Perhaps, I need to elaborate - as my faith was falling apart, I was pleading with God for help in reaffirming the truth.  I was pleading for guidance.  I was willing myself to believe, every day, for at least a year.  I was evaluating my life to determine if I was doing something to cause the heavens to be shut to me.  No answer ever came.  Ever.  I became dangerously depressed and finally had to stop.  The point to my admittedly rhetorical question is that such a prescriptive answer on how we are supposed to get answers from God makes God seem like a vending machine and if we don't get the predetermined answer then it must be the case that we simply aren't putting in enough money (continuing the vending machine analogy).  I find these prescriptive lists to be dangerous to people like me who tried and tried and plead and wept only to have no response because it casts the blame right back at our feet.  Maybe, just maybe, the problem is with the prescription, not with those of us who are taking the prescription.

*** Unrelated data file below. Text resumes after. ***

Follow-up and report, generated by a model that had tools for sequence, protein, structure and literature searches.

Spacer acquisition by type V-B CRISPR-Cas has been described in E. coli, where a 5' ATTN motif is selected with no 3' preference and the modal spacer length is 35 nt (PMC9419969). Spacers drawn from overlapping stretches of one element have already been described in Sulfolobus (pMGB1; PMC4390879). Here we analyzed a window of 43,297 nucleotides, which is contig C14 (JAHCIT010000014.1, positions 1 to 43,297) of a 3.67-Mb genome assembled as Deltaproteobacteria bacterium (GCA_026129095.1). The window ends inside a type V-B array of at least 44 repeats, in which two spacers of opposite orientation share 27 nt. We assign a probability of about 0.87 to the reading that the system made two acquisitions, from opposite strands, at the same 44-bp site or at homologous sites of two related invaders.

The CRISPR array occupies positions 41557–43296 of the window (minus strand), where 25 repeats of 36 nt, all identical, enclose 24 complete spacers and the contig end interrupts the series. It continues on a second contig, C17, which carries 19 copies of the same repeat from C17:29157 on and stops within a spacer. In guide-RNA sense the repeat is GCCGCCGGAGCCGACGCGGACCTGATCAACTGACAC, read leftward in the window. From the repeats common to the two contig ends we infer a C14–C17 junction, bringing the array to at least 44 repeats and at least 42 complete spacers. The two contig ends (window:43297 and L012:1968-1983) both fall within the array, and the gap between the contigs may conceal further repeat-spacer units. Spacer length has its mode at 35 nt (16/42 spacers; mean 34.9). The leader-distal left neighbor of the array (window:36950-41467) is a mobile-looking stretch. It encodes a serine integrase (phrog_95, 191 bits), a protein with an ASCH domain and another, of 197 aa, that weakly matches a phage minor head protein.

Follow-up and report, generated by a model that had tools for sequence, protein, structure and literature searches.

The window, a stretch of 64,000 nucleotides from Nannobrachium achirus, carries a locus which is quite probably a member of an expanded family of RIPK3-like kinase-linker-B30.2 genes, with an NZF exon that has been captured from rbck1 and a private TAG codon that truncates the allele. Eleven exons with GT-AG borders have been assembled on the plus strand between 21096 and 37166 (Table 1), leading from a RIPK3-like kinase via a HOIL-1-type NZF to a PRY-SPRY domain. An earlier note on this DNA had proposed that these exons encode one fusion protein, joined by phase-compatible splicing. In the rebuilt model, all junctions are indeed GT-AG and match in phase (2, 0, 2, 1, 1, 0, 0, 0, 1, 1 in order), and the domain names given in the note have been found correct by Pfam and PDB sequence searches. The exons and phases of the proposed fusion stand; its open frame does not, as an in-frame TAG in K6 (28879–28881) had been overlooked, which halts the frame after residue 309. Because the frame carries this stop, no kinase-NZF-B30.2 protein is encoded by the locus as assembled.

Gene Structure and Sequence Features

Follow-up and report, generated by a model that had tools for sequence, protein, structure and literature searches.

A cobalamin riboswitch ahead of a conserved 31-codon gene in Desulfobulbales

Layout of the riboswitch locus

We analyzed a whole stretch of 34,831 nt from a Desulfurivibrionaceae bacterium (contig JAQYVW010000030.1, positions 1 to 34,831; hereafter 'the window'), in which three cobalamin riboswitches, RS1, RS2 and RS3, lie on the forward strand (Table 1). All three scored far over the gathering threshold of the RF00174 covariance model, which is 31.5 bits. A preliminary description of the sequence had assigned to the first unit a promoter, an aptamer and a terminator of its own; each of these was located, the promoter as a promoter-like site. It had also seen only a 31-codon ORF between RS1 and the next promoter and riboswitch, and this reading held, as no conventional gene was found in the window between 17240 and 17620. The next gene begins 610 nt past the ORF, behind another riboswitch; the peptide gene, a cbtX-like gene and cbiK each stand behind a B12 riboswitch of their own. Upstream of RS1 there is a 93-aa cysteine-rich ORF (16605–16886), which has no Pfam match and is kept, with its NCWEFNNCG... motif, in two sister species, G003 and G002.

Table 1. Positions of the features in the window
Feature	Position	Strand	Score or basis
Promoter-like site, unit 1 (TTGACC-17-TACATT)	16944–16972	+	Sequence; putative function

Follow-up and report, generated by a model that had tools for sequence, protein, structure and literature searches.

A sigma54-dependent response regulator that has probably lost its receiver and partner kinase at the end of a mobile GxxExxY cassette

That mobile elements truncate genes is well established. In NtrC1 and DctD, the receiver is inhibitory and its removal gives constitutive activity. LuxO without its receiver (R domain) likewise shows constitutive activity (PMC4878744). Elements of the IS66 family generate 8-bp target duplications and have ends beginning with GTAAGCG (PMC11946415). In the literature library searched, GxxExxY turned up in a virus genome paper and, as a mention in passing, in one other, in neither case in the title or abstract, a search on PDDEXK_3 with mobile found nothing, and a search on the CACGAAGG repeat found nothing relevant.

They make you feel broken, lost, possibly unloved.  

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1 minute ago, Rain said:

They make you feel broken, lost, possibly unloved.  

All of those things, and then some.

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6 minutes ago, ttribe said:

All of those things, and then some.

Such a struggle for you.  I'm sorry you had to go through it all.

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1 hour ago, ttribe said:

Maybe, just maybe, the problem is with the prescription, not with those of us who are taking the prescription.

I can understand this intellectually -- and certainly empathise! -- but, based on my own personal experiences, oft repeated, I can't really grasp it. Despite my seemingly inborn scepticism and the critical influence of my academic training (PhD in history), the 'prescription' has worked consistently, reliably and predictably in my life, leaving me both surprised and thoroughly convinced. I don't know how to escape that experiential reality.

Edited by Hamba Tuhan
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6 minutes ago, Hamba Tuhan said:

I can understand this intellectually -- and certainly empathise! -- but, based on my own personal experiences, oft repeated, I can't really grasp it. Despite my seemingly inborn scepticism and my academic training (PhD in history), the 'prescription' has worked consistently, reliably and predictably in my life, leaving me both surprised and thoroughly convinced. I don't know how to escape that experiential reality.